Foam furniture is an unusual DIY trend we haven’t seen

Foam furniture is an unusual DIY trend we haven’t seen

While he has spent so much time at home in recent months, many of us have had to become more and more creative to keep ourselves busy. These unprecedented times have triggered a resurgence of unexpected trends (hi, cloud bread and laundry stripping) that, if not for the pandemic, we might never have tried. But perhaps the most recent decorative craze circulating in social media is even more surprising. Designers and DIYers use foam insulation to decorate furniture and accessories, and the results are weird, textured, and a bit controversial.


Polyurethane-based foam typically serves to seal gaps and cracks around your home and, when applied superficially, creates a sparklingly raised texture. In the interior design world, coating was most often used to create a foam frame around mirrors, which Instagram and TikTok often label #cloudmirror or #popcornmirror. Other hard-surfaced objects such as table tops, benches, and decorative vases can also be used well for treatment.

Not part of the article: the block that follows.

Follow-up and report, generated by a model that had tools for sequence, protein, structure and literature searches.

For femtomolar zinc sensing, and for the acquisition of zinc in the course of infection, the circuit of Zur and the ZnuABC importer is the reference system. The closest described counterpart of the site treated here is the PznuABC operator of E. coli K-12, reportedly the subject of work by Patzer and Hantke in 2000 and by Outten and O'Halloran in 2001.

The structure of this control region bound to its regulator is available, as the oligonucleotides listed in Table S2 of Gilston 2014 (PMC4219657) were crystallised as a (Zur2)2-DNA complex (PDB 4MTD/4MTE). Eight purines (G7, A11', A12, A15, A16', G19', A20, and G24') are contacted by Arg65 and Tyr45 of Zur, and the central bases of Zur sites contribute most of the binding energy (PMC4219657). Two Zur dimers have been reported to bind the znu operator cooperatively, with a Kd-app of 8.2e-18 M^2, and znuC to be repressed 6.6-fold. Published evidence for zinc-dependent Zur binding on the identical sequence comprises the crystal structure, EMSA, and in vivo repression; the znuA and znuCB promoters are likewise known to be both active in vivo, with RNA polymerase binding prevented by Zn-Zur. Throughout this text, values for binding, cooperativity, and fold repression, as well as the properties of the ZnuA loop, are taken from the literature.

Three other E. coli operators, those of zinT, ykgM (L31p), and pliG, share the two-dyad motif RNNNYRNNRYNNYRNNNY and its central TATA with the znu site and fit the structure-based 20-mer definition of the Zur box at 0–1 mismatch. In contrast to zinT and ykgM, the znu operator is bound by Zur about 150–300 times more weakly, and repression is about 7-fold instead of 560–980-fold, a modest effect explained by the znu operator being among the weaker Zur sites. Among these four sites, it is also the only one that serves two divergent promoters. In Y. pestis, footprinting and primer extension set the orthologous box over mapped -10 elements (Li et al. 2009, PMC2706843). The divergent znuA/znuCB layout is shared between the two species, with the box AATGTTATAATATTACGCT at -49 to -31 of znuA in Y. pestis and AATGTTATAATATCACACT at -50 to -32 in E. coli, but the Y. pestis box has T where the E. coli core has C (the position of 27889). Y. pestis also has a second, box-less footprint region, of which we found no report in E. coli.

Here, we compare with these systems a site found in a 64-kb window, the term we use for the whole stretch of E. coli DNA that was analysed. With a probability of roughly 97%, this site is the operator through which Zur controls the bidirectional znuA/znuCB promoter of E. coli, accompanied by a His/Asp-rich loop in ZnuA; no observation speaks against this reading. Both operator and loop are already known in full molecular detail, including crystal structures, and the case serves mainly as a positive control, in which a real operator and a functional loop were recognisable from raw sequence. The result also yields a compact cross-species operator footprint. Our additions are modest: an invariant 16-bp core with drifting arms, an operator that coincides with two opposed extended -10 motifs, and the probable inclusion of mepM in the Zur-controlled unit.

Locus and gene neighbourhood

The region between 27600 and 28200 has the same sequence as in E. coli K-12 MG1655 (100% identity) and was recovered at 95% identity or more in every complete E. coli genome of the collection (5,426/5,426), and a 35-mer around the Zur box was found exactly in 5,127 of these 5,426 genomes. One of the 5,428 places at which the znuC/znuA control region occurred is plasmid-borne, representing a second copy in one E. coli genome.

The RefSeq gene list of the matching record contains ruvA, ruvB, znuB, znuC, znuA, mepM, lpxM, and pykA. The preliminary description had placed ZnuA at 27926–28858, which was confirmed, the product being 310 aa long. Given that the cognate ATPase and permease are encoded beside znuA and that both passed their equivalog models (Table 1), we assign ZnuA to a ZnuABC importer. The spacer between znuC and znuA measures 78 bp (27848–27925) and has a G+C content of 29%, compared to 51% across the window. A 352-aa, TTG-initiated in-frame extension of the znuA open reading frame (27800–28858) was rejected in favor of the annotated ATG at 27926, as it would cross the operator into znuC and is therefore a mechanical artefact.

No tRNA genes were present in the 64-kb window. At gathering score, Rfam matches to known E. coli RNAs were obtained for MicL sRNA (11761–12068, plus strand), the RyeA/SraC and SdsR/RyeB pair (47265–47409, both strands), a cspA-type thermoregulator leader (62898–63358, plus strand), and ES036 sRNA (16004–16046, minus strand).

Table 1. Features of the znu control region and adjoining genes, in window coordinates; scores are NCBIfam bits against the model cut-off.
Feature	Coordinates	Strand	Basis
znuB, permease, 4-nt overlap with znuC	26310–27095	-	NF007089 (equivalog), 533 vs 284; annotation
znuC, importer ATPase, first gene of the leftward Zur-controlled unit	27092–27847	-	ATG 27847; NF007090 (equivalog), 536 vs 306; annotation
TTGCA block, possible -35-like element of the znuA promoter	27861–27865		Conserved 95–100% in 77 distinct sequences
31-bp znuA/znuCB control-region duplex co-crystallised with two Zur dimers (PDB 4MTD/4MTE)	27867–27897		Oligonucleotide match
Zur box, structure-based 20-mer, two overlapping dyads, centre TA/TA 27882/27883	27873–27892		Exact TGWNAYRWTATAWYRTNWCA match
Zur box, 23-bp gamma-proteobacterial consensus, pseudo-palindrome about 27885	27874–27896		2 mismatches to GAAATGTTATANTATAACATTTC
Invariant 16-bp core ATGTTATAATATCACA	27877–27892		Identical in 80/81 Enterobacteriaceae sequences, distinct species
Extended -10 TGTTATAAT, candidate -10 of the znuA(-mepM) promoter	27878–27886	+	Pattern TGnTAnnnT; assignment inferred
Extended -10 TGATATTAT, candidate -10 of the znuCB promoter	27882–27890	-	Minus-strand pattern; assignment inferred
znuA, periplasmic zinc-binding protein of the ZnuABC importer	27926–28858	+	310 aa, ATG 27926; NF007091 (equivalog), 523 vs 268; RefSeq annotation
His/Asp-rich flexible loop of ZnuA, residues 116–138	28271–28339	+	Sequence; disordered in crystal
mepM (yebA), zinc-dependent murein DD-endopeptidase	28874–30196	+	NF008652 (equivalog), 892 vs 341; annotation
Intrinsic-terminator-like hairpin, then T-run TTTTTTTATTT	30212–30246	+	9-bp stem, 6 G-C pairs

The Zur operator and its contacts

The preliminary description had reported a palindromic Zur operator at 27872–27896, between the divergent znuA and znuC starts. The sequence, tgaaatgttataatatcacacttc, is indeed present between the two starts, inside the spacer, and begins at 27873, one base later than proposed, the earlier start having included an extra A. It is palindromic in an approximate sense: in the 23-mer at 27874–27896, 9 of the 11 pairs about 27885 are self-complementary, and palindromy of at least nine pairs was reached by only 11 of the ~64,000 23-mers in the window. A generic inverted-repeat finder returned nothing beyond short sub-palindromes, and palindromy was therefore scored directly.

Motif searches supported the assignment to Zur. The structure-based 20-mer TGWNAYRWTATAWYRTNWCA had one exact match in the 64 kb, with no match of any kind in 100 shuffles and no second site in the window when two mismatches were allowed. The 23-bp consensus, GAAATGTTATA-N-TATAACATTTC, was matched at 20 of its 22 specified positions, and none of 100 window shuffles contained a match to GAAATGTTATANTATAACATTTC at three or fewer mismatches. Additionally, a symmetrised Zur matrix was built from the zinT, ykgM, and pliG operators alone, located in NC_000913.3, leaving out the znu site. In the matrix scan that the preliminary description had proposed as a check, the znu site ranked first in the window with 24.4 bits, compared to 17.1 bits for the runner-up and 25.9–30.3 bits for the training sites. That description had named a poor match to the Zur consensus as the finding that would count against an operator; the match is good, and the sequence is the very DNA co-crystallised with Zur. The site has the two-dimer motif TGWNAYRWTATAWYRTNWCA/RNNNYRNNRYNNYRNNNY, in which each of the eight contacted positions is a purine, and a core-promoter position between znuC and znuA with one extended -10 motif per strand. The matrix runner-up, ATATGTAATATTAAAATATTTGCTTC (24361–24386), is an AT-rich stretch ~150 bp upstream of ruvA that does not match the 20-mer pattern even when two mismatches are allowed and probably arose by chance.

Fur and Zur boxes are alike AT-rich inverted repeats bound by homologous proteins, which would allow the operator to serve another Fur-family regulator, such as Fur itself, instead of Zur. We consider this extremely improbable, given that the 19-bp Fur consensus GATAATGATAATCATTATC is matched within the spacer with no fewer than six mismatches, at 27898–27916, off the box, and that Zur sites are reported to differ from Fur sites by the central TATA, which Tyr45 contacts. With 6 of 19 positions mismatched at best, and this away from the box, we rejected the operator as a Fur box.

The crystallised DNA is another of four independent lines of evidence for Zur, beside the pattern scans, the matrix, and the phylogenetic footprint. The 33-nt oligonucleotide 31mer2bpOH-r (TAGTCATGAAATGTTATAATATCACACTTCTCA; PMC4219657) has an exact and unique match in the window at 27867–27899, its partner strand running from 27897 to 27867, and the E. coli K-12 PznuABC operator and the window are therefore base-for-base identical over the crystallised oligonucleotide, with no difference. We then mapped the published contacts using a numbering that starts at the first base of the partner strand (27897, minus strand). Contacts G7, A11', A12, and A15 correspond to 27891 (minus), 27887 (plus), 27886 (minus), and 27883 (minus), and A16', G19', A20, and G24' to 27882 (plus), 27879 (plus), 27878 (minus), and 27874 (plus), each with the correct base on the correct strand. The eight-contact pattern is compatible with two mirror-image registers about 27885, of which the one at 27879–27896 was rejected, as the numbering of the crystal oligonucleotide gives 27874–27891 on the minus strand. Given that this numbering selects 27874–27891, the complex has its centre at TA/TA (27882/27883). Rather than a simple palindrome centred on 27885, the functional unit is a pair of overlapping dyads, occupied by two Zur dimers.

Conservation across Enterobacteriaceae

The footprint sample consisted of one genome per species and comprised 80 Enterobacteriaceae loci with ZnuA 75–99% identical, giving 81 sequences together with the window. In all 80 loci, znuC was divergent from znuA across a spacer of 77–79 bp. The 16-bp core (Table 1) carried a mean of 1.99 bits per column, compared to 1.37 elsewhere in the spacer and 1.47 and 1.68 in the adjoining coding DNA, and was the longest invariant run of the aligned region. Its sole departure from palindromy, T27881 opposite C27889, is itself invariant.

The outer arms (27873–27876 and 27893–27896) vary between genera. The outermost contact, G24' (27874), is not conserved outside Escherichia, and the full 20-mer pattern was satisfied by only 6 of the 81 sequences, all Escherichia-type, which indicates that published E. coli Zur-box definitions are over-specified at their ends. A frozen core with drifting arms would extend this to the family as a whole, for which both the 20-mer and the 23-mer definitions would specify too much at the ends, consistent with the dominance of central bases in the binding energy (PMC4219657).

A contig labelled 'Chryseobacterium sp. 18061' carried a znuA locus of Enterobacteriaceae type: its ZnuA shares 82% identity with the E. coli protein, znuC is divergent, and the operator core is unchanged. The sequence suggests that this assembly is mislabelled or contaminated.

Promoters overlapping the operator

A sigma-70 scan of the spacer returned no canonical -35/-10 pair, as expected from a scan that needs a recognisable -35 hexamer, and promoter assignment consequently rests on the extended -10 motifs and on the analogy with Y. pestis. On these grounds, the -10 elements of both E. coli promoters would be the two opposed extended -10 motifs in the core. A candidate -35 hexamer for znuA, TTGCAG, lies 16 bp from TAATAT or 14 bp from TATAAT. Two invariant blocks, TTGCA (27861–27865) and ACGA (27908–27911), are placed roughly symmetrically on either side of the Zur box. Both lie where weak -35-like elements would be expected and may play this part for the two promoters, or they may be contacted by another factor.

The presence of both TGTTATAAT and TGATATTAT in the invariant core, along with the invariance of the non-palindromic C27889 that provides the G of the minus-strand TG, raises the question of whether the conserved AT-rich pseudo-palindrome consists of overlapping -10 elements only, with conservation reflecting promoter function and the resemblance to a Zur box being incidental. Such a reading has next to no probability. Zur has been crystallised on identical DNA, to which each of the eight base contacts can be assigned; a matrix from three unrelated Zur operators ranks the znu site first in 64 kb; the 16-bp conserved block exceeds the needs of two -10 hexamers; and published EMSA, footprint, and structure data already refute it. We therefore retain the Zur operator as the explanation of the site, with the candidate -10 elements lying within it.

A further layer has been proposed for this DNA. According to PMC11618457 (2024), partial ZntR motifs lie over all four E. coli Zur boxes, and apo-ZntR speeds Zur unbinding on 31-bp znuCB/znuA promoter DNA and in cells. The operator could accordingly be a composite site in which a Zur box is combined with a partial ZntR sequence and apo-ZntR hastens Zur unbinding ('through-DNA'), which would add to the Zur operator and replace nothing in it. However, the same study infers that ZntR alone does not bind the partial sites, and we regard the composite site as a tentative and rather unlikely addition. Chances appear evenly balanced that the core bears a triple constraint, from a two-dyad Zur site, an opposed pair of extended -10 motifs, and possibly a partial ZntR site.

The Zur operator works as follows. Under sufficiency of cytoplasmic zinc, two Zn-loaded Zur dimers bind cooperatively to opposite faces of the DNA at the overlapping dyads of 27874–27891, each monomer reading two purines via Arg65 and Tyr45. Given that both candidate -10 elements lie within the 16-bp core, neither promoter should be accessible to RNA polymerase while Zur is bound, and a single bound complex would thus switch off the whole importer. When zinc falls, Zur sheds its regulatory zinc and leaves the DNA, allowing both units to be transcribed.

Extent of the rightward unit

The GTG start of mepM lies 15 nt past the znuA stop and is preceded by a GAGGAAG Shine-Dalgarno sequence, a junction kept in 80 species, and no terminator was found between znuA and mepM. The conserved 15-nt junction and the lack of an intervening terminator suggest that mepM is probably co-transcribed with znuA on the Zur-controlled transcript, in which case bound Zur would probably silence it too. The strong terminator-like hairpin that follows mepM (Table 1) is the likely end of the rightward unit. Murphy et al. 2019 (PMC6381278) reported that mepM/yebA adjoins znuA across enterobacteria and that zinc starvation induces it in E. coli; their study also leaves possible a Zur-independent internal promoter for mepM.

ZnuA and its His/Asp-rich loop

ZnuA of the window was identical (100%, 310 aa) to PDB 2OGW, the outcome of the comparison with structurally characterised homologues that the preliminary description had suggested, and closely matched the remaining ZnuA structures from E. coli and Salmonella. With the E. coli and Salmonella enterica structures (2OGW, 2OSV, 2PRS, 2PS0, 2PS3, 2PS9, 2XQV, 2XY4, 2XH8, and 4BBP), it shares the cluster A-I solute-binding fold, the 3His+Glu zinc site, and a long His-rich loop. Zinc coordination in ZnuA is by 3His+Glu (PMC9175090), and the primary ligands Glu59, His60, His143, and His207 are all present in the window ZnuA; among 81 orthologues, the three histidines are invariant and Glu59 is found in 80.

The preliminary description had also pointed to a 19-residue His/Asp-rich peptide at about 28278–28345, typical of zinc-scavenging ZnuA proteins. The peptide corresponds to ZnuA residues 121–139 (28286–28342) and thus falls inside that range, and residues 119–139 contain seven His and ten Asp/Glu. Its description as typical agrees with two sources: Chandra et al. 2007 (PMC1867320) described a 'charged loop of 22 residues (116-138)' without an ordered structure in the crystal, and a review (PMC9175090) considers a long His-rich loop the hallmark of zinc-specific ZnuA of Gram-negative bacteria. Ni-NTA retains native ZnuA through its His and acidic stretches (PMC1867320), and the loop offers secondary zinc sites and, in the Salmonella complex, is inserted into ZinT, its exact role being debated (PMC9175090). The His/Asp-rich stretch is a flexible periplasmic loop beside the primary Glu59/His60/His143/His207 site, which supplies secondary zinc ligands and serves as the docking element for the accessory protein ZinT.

Depending on the method of application, the foam may produce a fluffy, lumpy effect reminiscent of sea foam or a crispy, popcorn-like texture. The foam is often left white to enhance the cloudy feel, while other patterns are painted in bright pastel colors such as pink, lavender and mint green for a playful retro look.

In homes where most surfaces are smooth and flat, foam furniture offers a slightly unusual, out-of-the-box contrast. To recreate the look, purchase insulating foam ($ 4, The Home Depot) and select an accessory that results in a chunky edging or entire coating. Then set up a workstation in a well-ventilated area (outdoors is best).

Spray foam adheres quickly and strongly, so it’s important to completely cover any area where you don’t want foam, including yourself. Wear safety goggles or goggles, mask, gloves and long sleeves and cover the surrounding area with a drop of cloth. You may want to protect any area of ​​the object that you want to keep from splashing, such as the mirror glass.

After shaking the box, spray the foam on the surface with short back and forth movements to achieve a zigzag effect. You can also apply it with curved, Figure 8 strokes for a more textured, random look. After release from the container, the foam expands and hardens, after about eight hours it sets completely. If you make a mistake, you can remove the foam with acetone before setting. Once hardened, it should be scraped off with a tool such as a paint scraper ($ 7, The Home Depot). Leave the spray foam in its natural neutral color or refresh your creation with a coat of spray paint.

Whether you love it or hate it, foam furniture is a simple DIY project that allows you to customize your pieces with a whimsical look. While spray foam may not have a permanent place in our decor, it’s probably one of those appearances we’ll specifically remember by 2020.


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